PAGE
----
once again represent urban artisans who favored a strong central government he
seemed to believe that such a government could represent some great common
interest in this sense he left himself perfectly to the myth of the revolution
that it was on behalf of a united people the Declaration of Independence brought
that myth to its peak of eloquence each harsher measure of British control the
proclamation of 1763 not allowing colonists to settle beyond the
Appalachians the Stamp Act the Townsend taxes including the one on T the
stationing of troops and the Boston Massacre the closing of the port of
Boston and the dissolution of the Boston legislature escalated colonial rebellion
to the point of revolution the colonists had responded with the Stamp Act
Congress the Stamp Act Congress the Sons of Liberty the Committees of
Correspondence the Boston Tea Party and finally in 1774 the setting up of a
Continental Congress an illegal body forerunner of a future independent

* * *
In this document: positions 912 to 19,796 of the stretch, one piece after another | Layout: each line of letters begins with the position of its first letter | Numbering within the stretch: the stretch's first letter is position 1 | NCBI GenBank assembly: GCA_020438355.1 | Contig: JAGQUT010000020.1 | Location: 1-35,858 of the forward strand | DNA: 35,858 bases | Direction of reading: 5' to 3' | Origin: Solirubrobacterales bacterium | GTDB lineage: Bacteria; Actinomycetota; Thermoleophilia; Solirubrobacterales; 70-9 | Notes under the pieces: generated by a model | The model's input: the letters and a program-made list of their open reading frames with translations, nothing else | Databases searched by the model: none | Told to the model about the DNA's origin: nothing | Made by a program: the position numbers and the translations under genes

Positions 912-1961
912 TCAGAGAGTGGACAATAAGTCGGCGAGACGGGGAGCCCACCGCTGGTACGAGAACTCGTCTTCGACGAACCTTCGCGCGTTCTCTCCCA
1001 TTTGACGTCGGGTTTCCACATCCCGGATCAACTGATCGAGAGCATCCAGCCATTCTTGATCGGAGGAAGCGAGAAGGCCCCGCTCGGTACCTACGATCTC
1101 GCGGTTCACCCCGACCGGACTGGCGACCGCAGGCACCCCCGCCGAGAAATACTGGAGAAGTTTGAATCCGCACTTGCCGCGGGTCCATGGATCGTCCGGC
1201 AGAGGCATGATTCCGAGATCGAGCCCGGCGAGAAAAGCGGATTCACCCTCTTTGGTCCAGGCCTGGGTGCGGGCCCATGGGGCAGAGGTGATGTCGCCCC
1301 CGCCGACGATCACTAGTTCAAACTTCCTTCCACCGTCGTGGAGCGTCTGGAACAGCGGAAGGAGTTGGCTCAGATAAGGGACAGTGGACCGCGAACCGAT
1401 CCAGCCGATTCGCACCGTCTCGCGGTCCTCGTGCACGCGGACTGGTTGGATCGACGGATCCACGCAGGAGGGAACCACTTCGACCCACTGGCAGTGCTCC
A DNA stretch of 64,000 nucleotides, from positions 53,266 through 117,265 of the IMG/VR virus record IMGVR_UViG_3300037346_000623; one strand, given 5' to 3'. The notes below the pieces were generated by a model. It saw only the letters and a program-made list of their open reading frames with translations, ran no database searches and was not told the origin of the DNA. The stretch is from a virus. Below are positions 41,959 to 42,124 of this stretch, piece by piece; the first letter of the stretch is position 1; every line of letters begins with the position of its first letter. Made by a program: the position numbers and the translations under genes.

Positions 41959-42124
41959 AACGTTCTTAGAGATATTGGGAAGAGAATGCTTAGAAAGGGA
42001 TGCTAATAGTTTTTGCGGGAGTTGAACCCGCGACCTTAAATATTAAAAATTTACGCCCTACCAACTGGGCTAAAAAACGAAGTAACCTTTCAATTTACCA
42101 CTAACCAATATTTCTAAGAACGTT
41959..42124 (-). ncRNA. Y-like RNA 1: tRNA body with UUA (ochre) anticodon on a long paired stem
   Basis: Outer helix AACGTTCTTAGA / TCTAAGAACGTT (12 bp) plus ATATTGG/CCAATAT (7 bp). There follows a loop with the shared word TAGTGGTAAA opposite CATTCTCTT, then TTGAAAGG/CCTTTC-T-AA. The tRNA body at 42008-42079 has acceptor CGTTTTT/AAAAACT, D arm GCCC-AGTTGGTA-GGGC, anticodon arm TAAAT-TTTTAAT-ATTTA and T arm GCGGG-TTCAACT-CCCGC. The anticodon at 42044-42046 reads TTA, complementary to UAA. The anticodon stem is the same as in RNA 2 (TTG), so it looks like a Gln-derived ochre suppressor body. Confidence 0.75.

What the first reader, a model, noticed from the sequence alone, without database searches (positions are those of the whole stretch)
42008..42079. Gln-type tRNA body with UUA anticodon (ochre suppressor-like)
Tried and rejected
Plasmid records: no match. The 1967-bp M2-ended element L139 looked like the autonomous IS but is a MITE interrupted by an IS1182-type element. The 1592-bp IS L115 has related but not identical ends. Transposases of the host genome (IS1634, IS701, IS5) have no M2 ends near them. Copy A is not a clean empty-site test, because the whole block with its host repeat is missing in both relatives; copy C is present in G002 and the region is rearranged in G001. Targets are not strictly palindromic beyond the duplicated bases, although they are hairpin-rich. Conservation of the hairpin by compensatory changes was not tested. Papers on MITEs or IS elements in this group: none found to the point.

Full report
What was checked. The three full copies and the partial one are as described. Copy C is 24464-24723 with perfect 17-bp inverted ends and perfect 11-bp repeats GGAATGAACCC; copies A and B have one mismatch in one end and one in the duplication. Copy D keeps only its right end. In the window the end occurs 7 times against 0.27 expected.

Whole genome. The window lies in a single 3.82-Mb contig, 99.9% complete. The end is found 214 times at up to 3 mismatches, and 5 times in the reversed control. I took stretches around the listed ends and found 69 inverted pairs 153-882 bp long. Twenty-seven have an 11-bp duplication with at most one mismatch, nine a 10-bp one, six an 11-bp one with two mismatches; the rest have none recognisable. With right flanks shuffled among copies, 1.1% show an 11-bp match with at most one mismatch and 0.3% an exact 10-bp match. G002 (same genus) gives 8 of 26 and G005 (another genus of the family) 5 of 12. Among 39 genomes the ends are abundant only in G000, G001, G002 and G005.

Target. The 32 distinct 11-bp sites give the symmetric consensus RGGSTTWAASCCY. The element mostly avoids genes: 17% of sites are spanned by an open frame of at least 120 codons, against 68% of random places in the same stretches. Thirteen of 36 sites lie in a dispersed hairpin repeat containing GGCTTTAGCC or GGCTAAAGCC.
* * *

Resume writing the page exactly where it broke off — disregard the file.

government it was after the military clash at Lexington and Concord in April
1775 between colonial Minutemen and British troops that the Continental
Congress decided on separation they organized a small committee to draw up
the Declaration of Independence which Thomas Jefferson wrote it was adopted by
the Congress on July 2nd and officially proclaimed
July 4th 1776 as I hope you know by this time there was already a
powerful sentiment for independence resolutions adopted in North Carolina in
May of 1776 and sent to the Continental Congress declared independence of
England asserted that all British law was null and void and urged military
preparations about the same time the town of Malden Massachusetts responding
to a request from the Massachusetts House of Representatives that all towns
in the state declare their views on independence had met in Town Meeting and